“Mrs. May’s math class looks very different than it did a few years ago,” says Droke. “Boys are learning in different ways and on a different timetable. Some are working in small groups while others are conferencing one-on-one with the teacher or learning coach or even a virtual tutor. Some are using a specialized math program on their laptop, while other boys are working on a project. Learning approaches depend on what the learner needs that day and how he best learns. There is great energy and focus in the classroom, and the boys have a greater sense of ownership of their learning.”

The customized learning approach at PDS can be described as each boy journeying on a learning quest. The goal for each boy's quest is to achieve learning mastery so that he has a secure and lasting foundation for higher concepts and math reasoning to be layered upon. The example of customized learning from 5th grade at PDS explained on the following pages offers a look at how a customized approach is better for students, offering each boy an opportunity to self-direct his learning path based on his particular learning profile.

 

MyQuest-Process-SmallThe MyQuest Math Process for 5th Grade Math. The customized learning approach at PDS can be described as each boy journeying on a learning quest. The goal for each boy's quest is to achieve learning mastery so that he has a secure and lasting foundation for higher concepts and math reasoning to be layered upon.

A 5th Grade Math Quest

In 5th grade, each math quest is divided into an eight day unit. A learning objective is introduced, and each student is expected to achieve and show mastery within the eight day period. How each boy progresses towards mastery, however, depends on his particular abilities, skills, styles, and mindset at that particular time.

Classroom Instruction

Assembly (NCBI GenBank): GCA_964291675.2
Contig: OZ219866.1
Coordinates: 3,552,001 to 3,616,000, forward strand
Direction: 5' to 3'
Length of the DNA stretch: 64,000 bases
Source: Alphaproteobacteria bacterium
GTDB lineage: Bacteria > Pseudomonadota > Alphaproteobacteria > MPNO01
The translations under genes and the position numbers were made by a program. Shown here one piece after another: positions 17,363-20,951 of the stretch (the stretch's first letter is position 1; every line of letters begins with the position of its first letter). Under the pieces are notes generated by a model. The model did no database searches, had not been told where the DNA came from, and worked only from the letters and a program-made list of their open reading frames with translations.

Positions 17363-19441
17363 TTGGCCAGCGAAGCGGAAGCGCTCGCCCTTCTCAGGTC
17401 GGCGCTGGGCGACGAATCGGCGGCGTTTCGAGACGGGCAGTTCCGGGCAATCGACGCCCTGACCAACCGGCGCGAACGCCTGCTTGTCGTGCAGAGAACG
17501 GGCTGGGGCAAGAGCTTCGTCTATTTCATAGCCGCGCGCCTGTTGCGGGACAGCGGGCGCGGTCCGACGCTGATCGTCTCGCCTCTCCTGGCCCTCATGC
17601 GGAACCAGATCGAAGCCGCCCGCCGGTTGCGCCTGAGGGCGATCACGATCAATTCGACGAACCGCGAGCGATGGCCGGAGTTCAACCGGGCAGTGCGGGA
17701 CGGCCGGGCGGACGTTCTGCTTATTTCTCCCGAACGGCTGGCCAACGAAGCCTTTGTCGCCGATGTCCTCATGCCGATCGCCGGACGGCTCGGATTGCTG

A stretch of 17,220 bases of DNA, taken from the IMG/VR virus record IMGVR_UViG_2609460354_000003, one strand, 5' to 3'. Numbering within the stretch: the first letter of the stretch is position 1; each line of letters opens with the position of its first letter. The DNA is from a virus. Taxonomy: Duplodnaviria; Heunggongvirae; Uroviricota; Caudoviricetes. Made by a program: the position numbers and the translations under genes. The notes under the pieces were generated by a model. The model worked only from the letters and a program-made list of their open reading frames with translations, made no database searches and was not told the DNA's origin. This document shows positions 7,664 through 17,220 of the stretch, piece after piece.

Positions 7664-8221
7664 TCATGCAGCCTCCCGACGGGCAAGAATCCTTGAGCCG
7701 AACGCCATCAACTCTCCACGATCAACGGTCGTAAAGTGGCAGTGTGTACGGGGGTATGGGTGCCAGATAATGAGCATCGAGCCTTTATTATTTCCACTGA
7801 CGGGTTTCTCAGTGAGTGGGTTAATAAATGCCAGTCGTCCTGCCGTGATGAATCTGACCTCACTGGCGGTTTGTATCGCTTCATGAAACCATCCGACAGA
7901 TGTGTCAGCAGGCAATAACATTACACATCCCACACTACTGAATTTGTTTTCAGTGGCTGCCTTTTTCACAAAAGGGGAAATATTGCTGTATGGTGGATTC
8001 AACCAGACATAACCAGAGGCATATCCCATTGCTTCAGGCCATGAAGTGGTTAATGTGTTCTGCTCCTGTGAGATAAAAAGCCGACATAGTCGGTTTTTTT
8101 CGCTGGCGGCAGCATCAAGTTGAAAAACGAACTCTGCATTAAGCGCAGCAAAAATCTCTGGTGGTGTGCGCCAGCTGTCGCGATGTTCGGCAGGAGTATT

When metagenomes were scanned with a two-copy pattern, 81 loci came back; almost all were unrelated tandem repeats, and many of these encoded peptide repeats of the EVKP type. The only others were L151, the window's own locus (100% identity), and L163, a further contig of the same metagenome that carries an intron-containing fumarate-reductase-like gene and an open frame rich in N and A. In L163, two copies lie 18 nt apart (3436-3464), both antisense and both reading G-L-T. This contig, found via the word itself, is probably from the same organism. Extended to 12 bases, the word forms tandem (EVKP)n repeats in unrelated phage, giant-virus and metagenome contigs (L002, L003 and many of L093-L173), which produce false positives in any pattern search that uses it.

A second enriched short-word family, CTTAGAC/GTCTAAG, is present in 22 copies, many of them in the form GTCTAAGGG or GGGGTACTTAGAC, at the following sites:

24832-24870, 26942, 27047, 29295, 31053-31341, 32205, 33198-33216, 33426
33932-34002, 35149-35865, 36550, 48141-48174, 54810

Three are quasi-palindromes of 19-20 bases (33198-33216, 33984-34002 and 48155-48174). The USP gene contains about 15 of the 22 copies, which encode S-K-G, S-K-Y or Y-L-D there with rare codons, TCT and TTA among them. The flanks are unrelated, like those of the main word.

During the first three days of a new quest, Mrs. May introduces the material to be mastered in a variety of ways, including class lectures. However, Mrs. May has “flipped her classroom.” The classroom is “flipped” in that homework becomes classwork and traditional class lecture becomes homework. Mrs. May posts recorded lectures of herself explaining the learning topic. Students are able to watch these lectures at night as their homework. Students are able to view the teacher's lectures once, twice, three times or more, as he chooses. And, if a student misses class, the lectures are online, so catching up or doing make-up work is a simple process. Short, frequent (often daily) assessments keep the teacher apprised of how each student is learning.

Class time is used for student to work problems while the teacher is there to give guidance and re-teach in the moment of application. Re-allocating how the teacher's time is focused and applied allows her to actively work with students as they are learning to apply new information and skills. Her expertise is better utilized working directly with students seeing how they are learning than to use class time to introduce information.

A Choice

After three days of instruction and practice with the material, each boy can decide if he would like to take the mastery assessment for the unit. There is no pressure or obligation to take the mastery assessment. There is no penalty for not passing the mastery assessment. It's just an attempt. If a boy does not pass the mastery assessment, he has strategic information he can use in working towards mastery.

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Guided Challenge